Article 4 of the Nuremberg Laws helped single out Jewish households. On October 3, 1935, Jews could not legally put out German flags on Hindenburg Day, unlike other German households. The headquarters of the Zionist Organisation did not dare display the blue-white colours. That risk of renewed anti-Semitic violence remained ever present. The economic disenfranchisement of German Jews continued with the denial of bank credit.

German newspapers even advised Jews against displaying the blue-white Zionist flag as it may ‘lead’ to disturbances. Only a year after passing the Nuremberg Laws, the Nazi state banned Jews from flying their colours on German national holidays. They were, of course, free to fly the colours on Jewish holidays, but that would only increase the real risk of anti-Semitic violence. While it remains true that certain ships departing Germany to Palestine did display the swastika flag (or both), but that was more of a legal requirement.

Nor did Hitler supposed ‘madness’ trigger genocidal policies. It was always part of calculating plot that was exposed by the Munich Post in 1931. All the purges and racial laws were the stepping stones towards genocide. The Nazis threatened to exterminate German Jews with ‘fire and sword’ in 1938. Das Schwarze Korps printed that all Jews would descend into criminality, and the state would have to exterminate its “Jewish underworld” just as “it eliminates all criminals.”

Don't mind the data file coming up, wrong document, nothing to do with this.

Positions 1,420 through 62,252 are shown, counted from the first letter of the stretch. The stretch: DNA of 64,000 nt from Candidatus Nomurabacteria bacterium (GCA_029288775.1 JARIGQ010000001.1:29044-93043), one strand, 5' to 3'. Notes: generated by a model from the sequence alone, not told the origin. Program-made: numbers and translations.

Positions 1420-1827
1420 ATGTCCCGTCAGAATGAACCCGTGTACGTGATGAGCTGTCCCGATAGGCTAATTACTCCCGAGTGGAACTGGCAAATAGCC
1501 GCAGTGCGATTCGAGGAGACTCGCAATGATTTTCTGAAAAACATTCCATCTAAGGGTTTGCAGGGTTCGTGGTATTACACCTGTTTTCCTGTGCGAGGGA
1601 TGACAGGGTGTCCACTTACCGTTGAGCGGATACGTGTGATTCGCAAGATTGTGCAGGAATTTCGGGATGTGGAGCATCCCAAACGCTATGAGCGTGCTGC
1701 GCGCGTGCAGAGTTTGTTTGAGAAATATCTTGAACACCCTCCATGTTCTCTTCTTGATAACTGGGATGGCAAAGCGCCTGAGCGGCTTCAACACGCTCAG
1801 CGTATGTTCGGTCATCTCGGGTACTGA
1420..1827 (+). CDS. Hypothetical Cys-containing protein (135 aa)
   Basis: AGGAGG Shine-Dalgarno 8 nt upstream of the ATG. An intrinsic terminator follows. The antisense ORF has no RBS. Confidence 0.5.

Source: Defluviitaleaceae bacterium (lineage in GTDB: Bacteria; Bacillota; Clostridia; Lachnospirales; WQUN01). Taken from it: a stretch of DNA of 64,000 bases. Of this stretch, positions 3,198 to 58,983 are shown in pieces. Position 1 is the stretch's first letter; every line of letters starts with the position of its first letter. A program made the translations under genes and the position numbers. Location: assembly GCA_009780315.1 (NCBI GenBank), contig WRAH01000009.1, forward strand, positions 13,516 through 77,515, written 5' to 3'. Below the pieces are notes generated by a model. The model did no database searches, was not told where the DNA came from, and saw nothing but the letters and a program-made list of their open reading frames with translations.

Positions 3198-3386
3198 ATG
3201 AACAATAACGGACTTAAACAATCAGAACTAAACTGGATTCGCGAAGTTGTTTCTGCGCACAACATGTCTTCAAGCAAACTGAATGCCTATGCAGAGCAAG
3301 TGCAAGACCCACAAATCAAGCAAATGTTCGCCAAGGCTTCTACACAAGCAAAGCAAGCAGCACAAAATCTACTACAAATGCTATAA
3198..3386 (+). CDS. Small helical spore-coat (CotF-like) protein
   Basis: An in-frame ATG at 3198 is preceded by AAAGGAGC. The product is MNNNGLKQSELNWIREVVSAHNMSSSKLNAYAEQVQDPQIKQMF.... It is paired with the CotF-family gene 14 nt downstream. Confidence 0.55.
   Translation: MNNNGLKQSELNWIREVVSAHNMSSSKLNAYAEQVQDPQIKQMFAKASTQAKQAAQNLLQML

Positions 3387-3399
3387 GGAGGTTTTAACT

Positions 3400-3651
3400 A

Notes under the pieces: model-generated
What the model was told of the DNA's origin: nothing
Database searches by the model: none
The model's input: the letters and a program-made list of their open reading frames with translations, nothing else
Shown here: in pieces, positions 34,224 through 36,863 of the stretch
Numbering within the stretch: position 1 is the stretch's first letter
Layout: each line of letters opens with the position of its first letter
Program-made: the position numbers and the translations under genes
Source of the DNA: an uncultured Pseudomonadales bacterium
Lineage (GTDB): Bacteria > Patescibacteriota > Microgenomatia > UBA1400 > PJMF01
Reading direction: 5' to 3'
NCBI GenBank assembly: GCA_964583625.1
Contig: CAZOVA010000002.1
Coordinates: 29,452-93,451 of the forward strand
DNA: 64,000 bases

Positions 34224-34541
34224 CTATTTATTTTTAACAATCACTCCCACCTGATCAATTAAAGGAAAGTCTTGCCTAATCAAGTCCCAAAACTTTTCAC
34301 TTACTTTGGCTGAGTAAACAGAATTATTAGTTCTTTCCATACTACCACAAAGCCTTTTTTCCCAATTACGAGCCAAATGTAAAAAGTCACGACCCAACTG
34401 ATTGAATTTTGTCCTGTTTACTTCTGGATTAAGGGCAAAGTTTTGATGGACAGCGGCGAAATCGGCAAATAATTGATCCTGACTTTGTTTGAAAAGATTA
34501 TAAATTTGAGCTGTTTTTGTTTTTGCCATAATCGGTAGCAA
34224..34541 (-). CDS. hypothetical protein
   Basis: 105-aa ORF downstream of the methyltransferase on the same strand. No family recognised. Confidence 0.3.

Nor did Hitler’s anti-Semitic ideology allow him to view a Jewish state as anything more than a smokescreen for their real plot – global conquest. A telegram from Heinrich Himmler to Haj Amin al-Husseini in 1943 confirms their offer of support against ‘Jewish invaders’ in Palestine. This was part of their stand against ‘world Jewry’.

A historical view that attempts to paint Zionists as complicit allies with Nazis also demeans the efforts of those who attempted to save their co-religionists, most of which would not have succeeded without the support of non-Jews.

About the Author
Steve Rose edits and produces written content across all three Faith Matters platforms – Faith Matters, Tell MAMA UK and Religious Reader. His interests lie in hate crime work, investigating far-right and extremist groups and faith communities.